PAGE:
Estonia 200 candidate: Polling success due to elected parties' disarray ({{contentCtrl.commentsTotal}})

Margus Tsahkna on Thursday's
Margus Tsahkna on Thursday's "Ringvaade". Source: ERR

Board member of the Estonia 200 party and former defense minister Margus Tsahkna says that his party's recent growth in popularity is down to complex issues affecting the five Riigikogu parties.

Speaking to Thursday's edition of ETV current affairs show "Ringvaade", Tsahkna said that the rise was not unexpected, given the situation.

Tsahkna said: "For a month and a half now, it has been noticeable that various polls show a significant increase in Estonia 200. This is because of what is happening in Estonian politics; it is very logical why Estonia 200 is getting more and more support – because we are the only positive alternative and let's be honest, Riigikogu parties has somehow got mired in fights with each other, which is also reflected in people' s preferences."

As reported on ERR News, Estonia 200 saw the largest rise in support of any party in the period September to November, at a time when support for Reform and Center, while still the two largest parties, has been declining.

Estonia 200 does not have any Riigikogu seats, but has consistently been polling better than two more parties that do, Isamaa, which is in the coalition, and the opposition Social Democratic Party (SDE).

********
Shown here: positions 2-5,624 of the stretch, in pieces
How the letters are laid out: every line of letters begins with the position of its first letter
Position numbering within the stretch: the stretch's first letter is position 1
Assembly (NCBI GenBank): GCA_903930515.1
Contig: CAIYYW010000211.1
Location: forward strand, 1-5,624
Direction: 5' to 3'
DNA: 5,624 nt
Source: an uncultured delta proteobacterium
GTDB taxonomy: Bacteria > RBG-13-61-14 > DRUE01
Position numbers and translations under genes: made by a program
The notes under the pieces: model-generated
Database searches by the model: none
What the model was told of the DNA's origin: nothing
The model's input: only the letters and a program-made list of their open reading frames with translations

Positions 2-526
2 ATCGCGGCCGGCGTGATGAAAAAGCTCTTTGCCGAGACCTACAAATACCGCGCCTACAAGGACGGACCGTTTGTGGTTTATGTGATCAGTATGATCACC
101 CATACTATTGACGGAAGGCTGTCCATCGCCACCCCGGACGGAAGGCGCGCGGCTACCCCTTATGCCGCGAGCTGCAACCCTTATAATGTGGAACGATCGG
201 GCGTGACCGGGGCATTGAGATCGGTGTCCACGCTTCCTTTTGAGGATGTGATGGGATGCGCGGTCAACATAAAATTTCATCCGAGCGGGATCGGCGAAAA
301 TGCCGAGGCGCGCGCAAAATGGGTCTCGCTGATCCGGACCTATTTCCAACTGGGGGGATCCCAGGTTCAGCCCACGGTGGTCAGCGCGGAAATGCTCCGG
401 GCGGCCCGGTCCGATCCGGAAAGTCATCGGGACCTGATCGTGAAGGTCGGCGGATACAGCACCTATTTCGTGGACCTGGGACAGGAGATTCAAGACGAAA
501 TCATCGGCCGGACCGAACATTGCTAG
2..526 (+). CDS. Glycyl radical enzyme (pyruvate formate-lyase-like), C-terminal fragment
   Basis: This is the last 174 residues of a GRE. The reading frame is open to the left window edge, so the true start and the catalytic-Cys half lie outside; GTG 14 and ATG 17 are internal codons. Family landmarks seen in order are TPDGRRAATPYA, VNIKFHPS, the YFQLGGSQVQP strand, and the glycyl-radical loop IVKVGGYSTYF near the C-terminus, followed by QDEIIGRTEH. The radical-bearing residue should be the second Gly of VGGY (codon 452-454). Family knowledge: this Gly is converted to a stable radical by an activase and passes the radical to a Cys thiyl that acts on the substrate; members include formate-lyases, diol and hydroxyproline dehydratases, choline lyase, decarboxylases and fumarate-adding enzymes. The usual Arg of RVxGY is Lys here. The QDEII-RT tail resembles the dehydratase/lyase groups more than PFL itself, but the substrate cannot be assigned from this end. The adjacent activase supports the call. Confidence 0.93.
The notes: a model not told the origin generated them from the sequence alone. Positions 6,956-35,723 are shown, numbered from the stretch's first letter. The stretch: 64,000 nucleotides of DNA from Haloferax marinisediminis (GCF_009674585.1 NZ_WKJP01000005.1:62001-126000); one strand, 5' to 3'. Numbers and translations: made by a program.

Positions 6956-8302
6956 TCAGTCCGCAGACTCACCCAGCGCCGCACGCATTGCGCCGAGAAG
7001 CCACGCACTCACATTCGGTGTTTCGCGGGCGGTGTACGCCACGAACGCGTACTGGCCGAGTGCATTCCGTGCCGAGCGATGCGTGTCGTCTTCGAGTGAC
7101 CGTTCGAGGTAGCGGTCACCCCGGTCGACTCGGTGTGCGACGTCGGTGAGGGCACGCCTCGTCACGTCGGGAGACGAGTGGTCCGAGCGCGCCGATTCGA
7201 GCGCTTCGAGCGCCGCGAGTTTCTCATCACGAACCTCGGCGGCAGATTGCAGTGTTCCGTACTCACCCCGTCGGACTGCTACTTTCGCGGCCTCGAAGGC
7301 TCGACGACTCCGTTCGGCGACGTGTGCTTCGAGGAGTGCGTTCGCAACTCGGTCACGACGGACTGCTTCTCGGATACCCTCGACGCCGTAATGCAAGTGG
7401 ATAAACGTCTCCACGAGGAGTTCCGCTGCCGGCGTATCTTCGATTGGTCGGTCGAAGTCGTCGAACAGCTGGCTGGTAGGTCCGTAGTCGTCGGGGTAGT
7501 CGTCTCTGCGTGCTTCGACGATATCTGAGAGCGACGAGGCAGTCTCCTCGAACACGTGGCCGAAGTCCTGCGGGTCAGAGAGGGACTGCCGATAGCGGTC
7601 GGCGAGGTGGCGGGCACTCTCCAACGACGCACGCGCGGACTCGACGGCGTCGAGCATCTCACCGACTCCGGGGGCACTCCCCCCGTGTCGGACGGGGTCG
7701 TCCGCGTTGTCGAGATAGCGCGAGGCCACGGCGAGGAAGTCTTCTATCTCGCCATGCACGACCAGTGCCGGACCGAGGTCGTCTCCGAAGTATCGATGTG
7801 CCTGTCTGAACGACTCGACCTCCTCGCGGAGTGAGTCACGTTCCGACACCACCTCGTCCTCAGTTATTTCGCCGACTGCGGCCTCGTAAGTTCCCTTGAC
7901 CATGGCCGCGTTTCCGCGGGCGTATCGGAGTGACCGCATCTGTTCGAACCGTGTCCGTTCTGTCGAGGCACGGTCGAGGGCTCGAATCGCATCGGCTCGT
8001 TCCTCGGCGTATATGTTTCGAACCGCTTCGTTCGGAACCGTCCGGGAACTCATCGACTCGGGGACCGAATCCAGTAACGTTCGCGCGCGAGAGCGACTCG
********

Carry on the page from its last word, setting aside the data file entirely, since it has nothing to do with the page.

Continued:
One survey by Kantar Emor recently even put Estonia 200 at second-most popular in the land, behind only Reform.

The squabbles Tsakhna was referring to would include both cross-the-floor controversy over a planned marriage referendum, or the recent resignation of former interior minister Mart Helme (EKRE), as well as in-house fights inside the tripartite coalition of Center, EKRE and Isamaa, often on the very same issues.

Tsahkna, who was defense minister 2016-2017 with the IRL party (now Isamaa), says that Estonia 200's route may describe one similar to that of Res Publica – one half of what became IRL/Isama – which also filled an earlier political void.

Tsahkna said: "There is the question of the existence of an alternative, and we have formulated a great narrative that the problem in Estonian politics today is a bit similar to that which existed when Res Publica came along, I.e. the battle between the parties in the Riigikogu just ran and ran, no solution was on the horizon, and Res Publica came along and won the election (in 2003 – ed.) And in all likelihood, Estonia 200's success could happen in exactly the same way."

Between now and next fall's local elections, Tsahkna said that Estonia 200, which is led by Kristina Kallas, would come up with a strong list of names, particularly in Tallinn and Tartu and larger population settlements, adding that close to 80 people had applied in the past three-and-a-half weeks.

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Editor: Andrew Whyte

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